Sunday, 2 November 2008

Giving and receiving advice

Coaching is about self-development in any area of your life - work, home, relationships, finances. Coaches do NOT give advice within the context of the coaching relationship.

Think about how you give and receive advice. We've all been in the situation of giving advice to a friend (asked for or not!) who doesn't take it. How do you feel about that? Angry? Resentful? "If you're not going to do what I say, why keep moaning about the situation?"

When you ask for advice, how often are you completely honest about the full situation - particularly in family and relationship matters? You may keep things back which you feel are too embarrassing or shameful to reveal.

How often, when you ask for advice, do you already secretly know what you're going to do, but just want someone else to say its OK, either for reassurance, or so you can avoid responsibility for the decision? If someone doesn't give you the answer you want, how often do you keep asking others until you do receive that answer?

In the coaching relationship, the Coach uses their skills and experience to question you in order to access your own inner wisdom, or uses different tools to help you come up with creative, fresh possible solutions, action plans, insights. How often have you had a 'lightbulb monent' about a situation just by someone asking you the right question?

Coaching is about you as a person taking responsibility for your own goals, choices, actions. The premise of coaching is that YOU are the expert in living your life. You just need a little help in learning how to access what you already know, often without knowing you know it.

If a Coach starts giving advice within the context of the coaching relationship, they are disempowering you, potentially building up resentment. Of course, many Coaches have skills, qualifications, experience in other areas - finance, law, business, consulting, counselling, therapy, and if you want their advice then that is absolutely fine, but make sure that it is very clear at the outset of any session why you are there - is this a coaching session, or something else? Each session will run on different lines depending on the outcomes desired. I coach someone who occasionally calls and says 'I don't want Coach today, I want Wise Old Friend' so we are both very clear, right at the start, what the roles are.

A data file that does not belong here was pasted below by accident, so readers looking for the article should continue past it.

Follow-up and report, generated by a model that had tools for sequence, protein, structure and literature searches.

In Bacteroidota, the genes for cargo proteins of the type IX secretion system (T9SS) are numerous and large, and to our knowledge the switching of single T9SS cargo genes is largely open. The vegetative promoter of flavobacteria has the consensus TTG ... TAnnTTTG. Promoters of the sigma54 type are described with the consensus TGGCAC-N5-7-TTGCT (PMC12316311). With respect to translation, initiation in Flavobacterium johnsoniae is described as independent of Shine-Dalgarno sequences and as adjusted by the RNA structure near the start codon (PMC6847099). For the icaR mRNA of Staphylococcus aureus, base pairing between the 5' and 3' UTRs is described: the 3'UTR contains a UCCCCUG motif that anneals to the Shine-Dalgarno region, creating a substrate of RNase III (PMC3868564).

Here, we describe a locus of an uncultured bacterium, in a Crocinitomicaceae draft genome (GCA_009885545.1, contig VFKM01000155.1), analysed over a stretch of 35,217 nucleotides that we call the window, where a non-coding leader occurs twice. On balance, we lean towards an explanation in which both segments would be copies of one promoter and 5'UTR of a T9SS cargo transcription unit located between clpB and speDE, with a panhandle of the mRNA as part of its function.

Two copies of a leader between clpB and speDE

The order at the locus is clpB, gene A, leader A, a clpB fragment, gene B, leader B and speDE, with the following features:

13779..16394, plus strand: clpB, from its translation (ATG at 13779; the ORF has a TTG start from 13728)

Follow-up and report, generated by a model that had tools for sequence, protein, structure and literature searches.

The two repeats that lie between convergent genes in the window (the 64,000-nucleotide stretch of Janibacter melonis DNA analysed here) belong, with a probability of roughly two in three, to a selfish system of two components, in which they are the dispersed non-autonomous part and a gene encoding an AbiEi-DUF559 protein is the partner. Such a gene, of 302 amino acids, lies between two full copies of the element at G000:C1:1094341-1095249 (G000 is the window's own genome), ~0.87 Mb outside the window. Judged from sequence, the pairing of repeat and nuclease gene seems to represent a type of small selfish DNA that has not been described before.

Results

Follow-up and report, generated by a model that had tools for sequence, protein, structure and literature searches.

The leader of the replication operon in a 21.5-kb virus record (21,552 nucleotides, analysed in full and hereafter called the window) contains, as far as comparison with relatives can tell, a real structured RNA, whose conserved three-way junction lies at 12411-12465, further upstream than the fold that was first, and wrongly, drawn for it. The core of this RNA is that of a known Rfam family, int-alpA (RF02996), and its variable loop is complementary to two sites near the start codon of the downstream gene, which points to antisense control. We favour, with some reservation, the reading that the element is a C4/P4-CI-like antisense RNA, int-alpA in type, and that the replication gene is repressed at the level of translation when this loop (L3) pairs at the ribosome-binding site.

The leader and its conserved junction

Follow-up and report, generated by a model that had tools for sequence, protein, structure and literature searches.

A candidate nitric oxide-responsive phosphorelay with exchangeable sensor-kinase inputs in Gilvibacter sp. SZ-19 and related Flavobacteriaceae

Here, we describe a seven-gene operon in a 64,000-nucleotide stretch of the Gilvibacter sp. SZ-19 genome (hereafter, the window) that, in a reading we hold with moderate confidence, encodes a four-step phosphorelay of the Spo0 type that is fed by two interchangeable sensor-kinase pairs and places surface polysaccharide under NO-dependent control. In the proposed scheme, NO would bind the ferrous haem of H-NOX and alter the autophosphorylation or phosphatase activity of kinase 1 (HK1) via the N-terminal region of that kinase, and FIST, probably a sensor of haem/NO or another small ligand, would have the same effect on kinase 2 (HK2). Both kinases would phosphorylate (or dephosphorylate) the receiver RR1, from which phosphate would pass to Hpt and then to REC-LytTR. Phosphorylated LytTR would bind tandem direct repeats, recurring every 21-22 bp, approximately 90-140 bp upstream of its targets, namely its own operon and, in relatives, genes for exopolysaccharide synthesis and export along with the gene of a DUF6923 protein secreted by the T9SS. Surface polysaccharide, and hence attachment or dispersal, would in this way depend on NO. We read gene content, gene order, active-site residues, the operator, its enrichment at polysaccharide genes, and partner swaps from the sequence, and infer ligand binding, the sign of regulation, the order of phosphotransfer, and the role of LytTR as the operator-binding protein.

Some people have said to me "why on earth would anyone pay you to ask them questions that they know the answers to?", my response to that is many times, people do not know what questions they need to ask themselves to access the knowledge that they have. When I use a questionning technique or tool with a Client, that then becomes available to them to access for themselves at any time in the future. The aim of a course of coaching sessions is that the Client becomes independent. Just as you wouldn't expect to visit your GP week in, week out, nor would you expect to have coaching sessions for lengthy, extended periods of time.

Here are some snippets from testimonials I have received from clients on these points:

"Brigid’s questioning throughout the sessions was very searching and thought provoking. I began to see things from a very different perspective."

"I am considering things I hadn’t previously thought about and am learning new lessons all the time. I think after these sessions with Brigid, I am able to use my time far more effectively and am much less likely to be taken advantage of in business terms..."

"(She) showed me that I was already equipped with the tools to deal with difficult situations, I just needed to know how to use them."

"The tools that I am using, I always had. I guess it just took someone else with the know how and patience to help me find them."

"I have a greater sense of how to take control now than I did six months ago"